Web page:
After missing this film at Film4 Frightfest in August, I finally had the chance to see it at the Prince Charles Cinema in London alongside a special Q&A session hosted by Flickering Myth. You can listen to the podcast here. I was really looking forward to seeing this film due to the bizarre setting and hilarious sounding storyline. Films that aren’t afraid to do something a little different always stand out to me, so this was no exception. A zombie apocalypse in a toilet – well, that pretty much sold it for me! And whoever thought a film set primarily in a toilet stall could be so good?
You’ve every right to be cynical, but personally I thought it was very well done. A considerable amount of effort must’ve gone into the script, in order to keep the audience interested due to the very confined setting. I thought the film’s overall pace was excellent, and delivered the right mix of laughs, scares and even some emotional moments. This is a horror film with heart. High praise must be given to Dan Palmer for both his scriptwriting and his portrayal of the protagonist, W.C. For me, his unnamed character was certainly one I was rooting for throughout the film. Even though he was very miserable at times, his character was relatable; an average, underachieving individual. He’s just a normal guy in a very bizarre situation, which creates a sense of realism, despite the crazy plotline.
The portrayal of the zombies themselves was also good fun; since it was a Christmas party, they’re all dressed up which makes the zombie apocalypse look hilarious. We see all sorts of festive zombies – including a Christmas pudding zombie (a hilarious cameo from comedian Dave Fulton) and a zombie Jesus. W.C comes up with several very intense ways to escape these festive zombies, which are both hilarious and enough to keep you on the edge of your seat. I will endeavour to keep this review as spoiler-free as possible, but I will mention a few of my favourite moments. W.C soon finds out he’s not trapped alone, as two stalls along is one of the women from the office party. The dialogue scenes between the two were very well written, and helped to keep the minimalist setting entertaining. I have seen some reviews that criticised this aspect of the film, but I thought it enhanced it and gave it heart. They build a ‘blind’ friendship, the only image W.C has of her is a drawing on the stall based on her physical appearance. For me, this made his isolation even more intense because the camerawork shows him merely talking to a drawing.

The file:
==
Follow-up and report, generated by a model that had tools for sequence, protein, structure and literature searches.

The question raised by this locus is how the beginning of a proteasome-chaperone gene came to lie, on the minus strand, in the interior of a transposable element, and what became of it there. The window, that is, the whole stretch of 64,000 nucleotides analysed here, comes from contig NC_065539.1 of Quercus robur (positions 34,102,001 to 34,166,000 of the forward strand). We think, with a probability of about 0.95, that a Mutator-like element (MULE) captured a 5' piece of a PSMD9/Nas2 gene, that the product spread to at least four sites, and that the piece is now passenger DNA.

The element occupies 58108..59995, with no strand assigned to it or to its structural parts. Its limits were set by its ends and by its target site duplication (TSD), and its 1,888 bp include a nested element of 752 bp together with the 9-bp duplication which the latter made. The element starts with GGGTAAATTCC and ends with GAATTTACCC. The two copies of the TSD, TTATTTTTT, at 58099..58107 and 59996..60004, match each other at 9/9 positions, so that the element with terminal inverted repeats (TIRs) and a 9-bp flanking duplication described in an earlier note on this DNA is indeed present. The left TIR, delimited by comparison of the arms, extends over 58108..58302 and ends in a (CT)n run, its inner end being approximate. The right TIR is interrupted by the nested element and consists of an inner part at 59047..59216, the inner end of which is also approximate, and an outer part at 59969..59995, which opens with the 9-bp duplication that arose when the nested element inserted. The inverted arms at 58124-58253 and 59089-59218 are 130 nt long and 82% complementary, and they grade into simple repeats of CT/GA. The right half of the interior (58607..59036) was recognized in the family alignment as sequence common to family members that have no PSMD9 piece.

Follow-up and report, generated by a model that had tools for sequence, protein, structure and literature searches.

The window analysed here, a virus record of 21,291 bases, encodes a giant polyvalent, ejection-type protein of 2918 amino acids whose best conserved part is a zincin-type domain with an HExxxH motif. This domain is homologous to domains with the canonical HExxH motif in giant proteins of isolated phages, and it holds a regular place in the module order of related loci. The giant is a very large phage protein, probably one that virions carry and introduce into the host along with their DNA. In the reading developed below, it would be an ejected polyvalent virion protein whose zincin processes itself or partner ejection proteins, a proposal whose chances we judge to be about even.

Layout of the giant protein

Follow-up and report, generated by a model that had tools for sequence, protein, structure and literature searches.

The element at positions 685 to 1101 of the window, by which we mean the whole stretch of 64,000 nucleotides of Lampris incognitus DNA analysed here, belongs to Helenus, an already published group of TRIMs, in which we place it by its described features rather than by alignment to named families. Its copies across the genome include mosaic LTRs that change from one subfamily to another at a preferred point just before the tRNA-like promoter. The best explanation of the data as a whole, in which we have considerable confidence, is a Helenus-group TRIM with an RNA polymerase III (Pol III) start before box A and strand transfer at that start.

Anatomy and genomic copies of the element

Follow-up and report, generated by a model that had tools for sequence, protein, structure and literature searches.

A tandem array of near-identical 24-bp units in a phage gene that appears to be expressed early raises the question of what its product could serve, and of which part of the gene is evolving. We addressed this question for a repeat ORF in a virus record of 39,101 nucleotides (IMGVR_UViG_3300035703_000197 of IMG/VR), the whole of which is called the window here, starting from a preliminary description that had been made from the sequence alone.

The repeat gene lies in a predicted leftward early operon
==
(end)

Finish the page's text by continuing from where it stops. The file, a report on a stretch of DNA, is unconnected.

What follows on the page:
But my ultimate favourite moment is what happens after the office worker throws W.C an ecstasy pill. I won’t ruin it, but it’s one of the funniest things I’ve seen this year. The scene was brilliantly done and I found it to be absolutely hilarious. Watch out for it – I’m sure you’ll react the same way as I did.
As for the Q&A, it was clear that Dan Palmer and Christian James have put their all into this film. It was very informative, funny and overall enjoyable. I look forward to seeing what’s in store next.
This year, why don’t you forget about your traditional Christmas films and give this one a go instead? You won’t be disappointed. If you’re a fan of films like Buried, Phone Booth or the ultimate ‘zom-com’ Shaun of the Dead, this one is for you.
Director: Christian James
Writer(s): Dan Palmer
Starring: Dan Palmer, Antonia Bernath, Tamaryn Payne